100-150 Spring Street
Melbourne VIC 3000
+61 3 9633 6000
There’s something about high tea that sends women into a spin. While I’m a self-confessed tomboy who prefers The Ashes to sashes, Havaianas to wedges and Supercoach to Coach bags, I must admit that the ritual of putting on a pretty floral dress, sitting in fancy surroundings and tucking into a scone at high tea secretly thrills me. So what better place to have high tea in than at the famous Hotel Windsor, the grandest institution in Melbourne? Or so Linda, Shirley and I thought.
We rocked up in time for our 12pm booking one sunny Sunday afternoon, wearing pretty summer frocks. Despite my efforts to doll up though, the humidity was doing all sorts of nasty things to my hair and skin so I was looking like a tree full of owls. But while The Windsor was posh and had an air of 19th century snottiness, the staff were anything but snotty and with friendly smiles, they directed us to a table against the wall.
Built in 1883, the Windsor is Australia’s only surviving ‘grand’ hotel and apparently where bits of the Australian constitution were drafted (like, wow). Despite much criticism about its deteriorating state and its supposedly tired carpeting and outdated decor, I have to say that I was mightily impressed when I walked into the sun-filled lounge area where other ladies (and the odd fellow) were filling in for two hours of scones, teas and all things sugary. As we sat down on the comfortable cushy chairs, I marvelled at all that was around me – linen tablecloths, ornate iron chandeliers and delicate crockery – and hoped that when they get around to renovating this hotel, this room would remain the same.
With our glasses were promptly filled with water and flutes of complimentary (but crappy) sparkling roses given, we were showed our menu for the day before being left alone. At this stage, we thought that we would be offered tea but it didn’t happen. Thinking that they were still in the stages of seating everyone, we decided to let them finish while we sipped our ghastly and sandpaper-dry roses (sorry, I didn’t get the name of it).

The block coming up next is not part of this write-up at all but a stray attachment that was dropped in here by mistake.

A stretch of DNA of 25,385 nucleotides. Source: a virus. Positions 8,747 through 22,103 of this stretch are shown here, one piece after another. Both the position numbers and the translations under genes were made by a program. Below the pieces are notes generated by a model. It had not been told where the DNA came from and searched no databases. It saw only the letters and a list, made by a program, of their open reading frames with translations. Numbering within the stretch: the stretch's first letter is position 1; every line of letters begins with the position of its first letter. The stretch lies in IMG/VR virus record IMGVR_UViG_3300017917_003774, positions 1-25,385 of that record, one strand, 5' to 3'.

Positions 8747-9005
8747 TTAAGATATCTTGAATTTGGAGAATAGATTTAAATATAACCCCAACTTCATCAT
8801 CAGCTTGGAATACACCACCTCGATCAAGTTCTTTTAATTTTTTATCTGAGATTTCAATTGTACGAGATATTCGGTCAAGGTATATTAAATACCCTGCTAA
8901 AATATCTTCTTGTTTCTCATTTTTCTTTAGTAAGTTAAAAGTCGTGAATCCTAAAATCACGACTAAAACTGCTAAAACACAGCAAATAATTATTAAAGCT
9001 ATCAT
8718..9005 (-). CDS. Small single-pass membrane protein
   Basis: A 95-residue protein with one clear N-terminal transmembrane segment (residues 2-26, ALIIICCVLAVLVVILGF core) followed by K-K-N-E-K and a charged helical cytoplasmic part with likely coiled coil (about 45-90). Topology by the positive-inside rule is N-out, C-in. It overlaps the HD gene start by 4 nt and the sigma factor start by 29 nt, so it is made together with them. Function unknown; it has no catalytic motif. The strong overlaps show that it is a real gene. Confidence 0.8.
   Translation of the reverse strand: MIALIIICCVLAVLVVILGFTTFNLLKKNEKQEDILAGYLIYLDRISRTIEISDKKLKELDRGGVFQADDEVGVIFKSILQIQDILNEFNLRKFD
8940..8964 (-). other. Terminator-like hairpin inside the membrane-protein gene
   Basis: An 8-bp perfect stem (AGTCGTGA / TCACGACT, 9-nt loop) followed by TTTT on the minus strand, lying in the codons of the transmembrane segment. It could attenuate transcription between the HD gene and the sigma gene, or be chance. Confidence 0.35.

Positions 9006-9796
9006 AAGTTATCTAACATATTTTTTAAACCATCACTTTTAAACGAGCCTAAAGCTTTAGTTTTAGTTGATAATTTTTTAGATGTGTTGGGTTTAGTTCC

We didn’t have to wait long for someone to return to our table, this time carrying a three-tiered silver stand of goodies. From the top, there were scones (two raisin and two plain); in the middle were an assortment of ‘French pastries’ merely consisting of two pork pies, two different types of quiches (times two) and finally, there were cut sandwiches which came with assorted fillings: smoked salmon with creamy avocado & dill, egg, mayonnaise & snow pea tendrils, Virginia ham & Dijon mustard, chicken, apple & mayonnaise and cucumber with sour cream & chives.
And for the scones, double cream and two kinds of jam. It would have been nice to be told what jam was what (we weren’t told) but I’m guessing that the Southern Highland strawberry jam was the intensely sweet one while the one with a slight tang was the summer berry preserve.
What really annoyed me the most was not the quality of food (more later) but the fact that a neighbouring table of two had exactly the same amount of food as we did, and we had an extra person. And while the fact that the whole ‘tapas come in three’ thing irks everyone in Melbourne, especially those who dine in even numbers, the fact that we received two of everything created a more frustrating situation as not everyone was able to try everything. In hindsight, I should have been all “yo, what the f*ck is up with the quantities?” but none of us thought of it at the time. Plus, they would have probably sent me to Eggleston Hall with all the other feral chavs with that sort of language. The photo above depicts how much savoury stuff I devoured in the entire course of the tea. Yeah.
The pies and quiches were alright but nothing to twitter about, and ditto the scones which were not at all fluffy and on the dry side. The jams were not bad though. As for the sandwich? They were boring, dry and tasteless, like they had been sitting around, uncovered, for several hours (they probably were). Things were not going so great.